(BLOOMBERG) – Asian refineries are grappling with what is expected to be a brief period of weak profits as a demand-sapping Covid-19 comeback across the region coincides with a likely surge in oil product exports from Iran.
The virus resurgence in India and other nations apart from China is reducing consumption of products such as petrol and jet fuel, squeezing the profit margins of refiners. The market is also bracing itself for the possibility of a boost to Iranian fuel oil supplies into Asia should a nuclear deal be revived.
That has led to complex refining margins in Singapore, a proxy for Asia, falling from US$1.65 a barrel at the end of April to as low as 3 US cents in mid-May. While it is a setback for processors recovering from the pandemic, margins have rebounded slightly and are expected to resume an upward trajectory as soon as the third quarter with accelerating vaccination rates aiding demand.
The average profit from converting crude into gasoline in Asia – the so-called crack spread – fell last month from April, snapping a three-month gain. Across the region, restrictions in place from Malaysia, Vietnam to Japan sapped demand for transportation fuel, with oil consultancy FGE seeing India’s gasoline consumption as the “biggest stumbling block to Asia’s demand recovery” with an estimated 20 per cent fall in April through this month versus the previous quarter.
“Export is not a very attractive option,” said Mr N. Vijayagopal, the finance director at Bharat Petroleum, India’s second biggest fuel retailer. Refiners across the country are facing a double whammy caused by weaker regional markets and lower domestic consumption that is prompting them to set aside earlier plans to maintain run rates and reduce operations instead.
Complex refining margins in Singapore were at 80 US cents a barrel on Friday and averaged 71 US cents last month. That compares with US$2.41 in the same period in 2019, prior to the pandemic. The profit from converting crude to gasoline in Asia was at US$7.89 on Monday and averaged US$8.47 last month.
Most are expecting a flood of crude should the nuclear accord be renewed with Iran, but it is the prospect of rising fuel oil flows – used to power ships and for electricity generation in some countries – that has raised concerns for Asian refiners, especially as China boosts output of heavy fuel.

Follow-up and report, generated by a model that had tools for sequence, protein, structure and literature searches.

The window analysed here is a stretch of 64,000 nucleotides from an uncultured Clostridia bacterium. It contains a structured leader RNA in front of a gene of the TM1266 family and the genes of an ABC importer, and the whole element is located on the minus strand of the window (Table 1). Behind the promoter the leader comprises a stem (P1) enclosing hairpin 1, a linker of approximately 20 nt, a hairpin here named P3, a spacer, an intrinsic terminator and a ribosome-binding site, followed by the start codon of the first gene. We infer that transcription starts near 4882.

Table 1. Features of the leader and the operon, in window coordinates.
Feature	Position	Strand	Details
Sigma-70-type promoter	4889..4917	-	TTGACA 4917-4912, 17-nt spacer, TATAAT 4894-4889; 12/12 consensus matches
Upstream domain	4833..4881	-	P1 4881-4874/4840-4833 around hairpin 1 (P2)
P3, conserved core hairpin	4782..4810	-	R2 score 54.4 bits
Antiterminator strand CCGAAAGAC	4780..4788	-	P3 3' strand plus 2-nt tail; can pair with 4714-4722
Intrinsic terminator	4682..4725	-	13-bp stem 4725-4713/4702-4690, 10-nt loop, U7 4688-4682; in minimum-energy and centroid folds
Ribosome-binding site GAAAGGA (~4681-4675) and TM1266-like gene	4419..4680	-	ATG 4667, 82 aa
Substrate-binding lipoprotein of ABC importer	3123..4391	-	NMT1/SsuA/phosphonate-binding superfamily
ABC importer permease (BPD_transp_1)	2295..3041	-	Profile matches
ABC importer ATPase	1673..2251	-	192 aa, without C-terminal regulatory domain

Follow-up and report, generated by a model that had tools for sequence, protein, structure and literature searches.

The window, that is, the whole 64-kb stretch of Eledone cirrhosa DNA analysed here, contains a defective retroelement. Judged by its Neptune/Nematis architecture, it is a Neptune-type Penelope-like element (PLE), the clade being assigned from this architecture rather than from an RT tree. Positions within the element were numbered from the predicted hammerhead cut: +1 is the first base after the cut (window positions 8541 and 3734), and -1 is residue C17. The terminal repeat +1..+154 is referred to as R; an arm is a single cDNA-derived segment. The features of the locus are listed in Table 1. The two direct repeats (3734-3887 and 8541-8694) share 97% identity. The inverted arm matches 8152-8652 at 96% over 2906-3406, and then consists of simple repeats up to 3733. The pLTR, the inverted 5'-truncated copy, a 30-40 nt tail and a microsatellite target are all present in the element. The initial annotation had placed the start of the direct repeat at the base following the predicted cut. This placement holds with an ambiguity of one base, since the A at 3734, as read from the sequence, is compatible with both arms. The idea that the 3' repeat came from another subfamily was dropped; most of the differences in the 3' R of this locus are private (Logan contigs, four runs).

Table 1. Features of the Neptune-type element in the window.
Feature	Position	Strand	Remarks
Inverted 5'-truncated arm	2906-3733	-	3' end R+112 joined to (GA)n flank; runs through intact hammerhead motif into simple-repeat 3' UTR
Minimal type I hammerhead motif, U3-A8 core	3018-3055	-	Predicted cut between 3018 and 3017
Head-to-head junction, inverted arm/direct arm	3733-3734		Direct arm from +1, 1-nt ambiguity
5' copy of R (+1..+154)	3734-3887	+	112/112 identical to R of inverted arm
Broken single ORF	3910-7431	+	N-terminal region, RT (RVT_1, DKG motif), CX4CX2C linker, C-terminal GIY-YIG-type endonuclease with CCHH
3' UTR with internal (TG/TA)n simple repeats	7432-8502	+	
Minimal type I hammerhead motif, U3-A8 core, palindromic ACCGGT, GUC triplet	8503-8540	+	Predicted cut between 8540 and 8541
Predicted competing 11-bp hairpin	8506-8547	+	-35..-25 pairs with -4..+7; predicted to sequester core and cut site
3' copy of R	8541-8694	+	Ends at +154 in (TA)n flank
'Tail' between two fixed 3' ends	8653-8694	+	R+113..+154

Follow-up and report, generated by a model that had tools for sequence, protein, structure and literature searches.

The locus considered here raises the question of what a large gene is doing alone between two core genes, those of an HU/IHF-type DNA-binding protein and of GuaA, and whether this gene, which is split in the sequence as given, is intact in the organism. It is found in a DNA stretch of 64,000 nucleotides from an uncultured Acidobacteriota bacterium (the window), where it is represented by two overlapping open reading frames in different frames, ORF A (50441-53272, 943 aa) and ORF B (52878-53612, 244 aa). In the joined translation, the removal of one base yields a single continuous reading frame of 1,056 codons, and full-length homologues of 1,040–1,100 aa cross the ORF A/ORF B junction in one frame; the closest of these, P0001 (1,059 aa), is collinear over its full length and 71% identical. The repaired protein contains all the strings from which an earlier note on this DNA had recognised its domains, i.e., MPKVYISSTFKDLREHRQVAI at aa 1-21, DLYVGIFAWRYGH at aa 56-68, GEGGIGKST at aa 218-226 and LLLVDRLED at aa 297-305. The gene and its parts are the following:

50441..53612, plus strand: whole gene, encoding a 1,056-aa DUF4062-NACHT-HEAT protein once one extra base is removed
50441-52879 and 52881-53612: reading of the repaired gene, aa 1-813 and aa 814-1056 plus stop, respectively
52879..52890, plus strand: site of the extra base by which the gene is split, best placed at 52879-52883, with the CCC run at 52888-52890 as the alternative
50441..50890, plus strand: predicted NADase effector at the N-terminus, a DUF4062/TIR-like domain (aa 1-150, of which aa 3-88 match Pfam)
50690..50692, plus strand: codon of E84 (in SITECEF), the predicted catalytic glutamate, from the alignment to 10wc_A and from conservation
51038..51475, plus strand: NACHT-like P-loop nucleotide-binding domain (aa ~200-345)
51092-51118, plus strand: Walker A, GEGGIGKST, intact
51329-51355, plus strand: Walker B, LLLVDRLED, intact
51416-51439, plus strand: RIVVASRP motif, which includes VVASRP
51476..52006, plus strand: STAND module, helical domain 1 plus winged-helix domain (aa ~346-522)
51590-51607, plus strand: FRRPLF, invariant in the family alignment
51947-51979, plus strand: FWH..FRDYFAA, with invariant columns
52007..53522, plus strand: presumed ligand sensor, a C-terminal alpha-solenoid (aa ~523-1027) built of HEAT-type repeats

Margins for very low-sulfur fuel oil dropped below US$10 a barrel in mid-May for the first time since December, easing from a high of almost US$16 at the end of February. Cracks in May were also at the lowest average in five months. Margins for high-sulfur fuel oil fell as low as minus US$8.80 last month, from minus US$3.71 in April.
Diesel demand, most notably from China, is proving to be the bright spot and has provided a buffer for overall margins. Consumption in Asia during the first three months of the year was at 9.4 million barrels a day, or about 98 per cent of 2019 levels, and is expected to edge higher during the second quarter, according to Wood Mackenzie consultant Yuwei Pei.
Singapore’s stockpiles of middle distillates – a category that includes diesel – fell through the week ended May 26 to the lowest since April last year. Covid-19 restrictions and the return of refineries after seasonal maintenance may lead to rising Asian inventories, but regional diesel cracks could increase US$3 to US$4 a barrel to as much as US$10 by December, according to Wood Mackenzie.
FGE senior oil market analyst Grayson Lim said: “As the Covid-19 situation in Asia stabilises and restrictions are eased, improvement in cracks of transportation fuels should support both simple and complex refining margins through the third quarter.”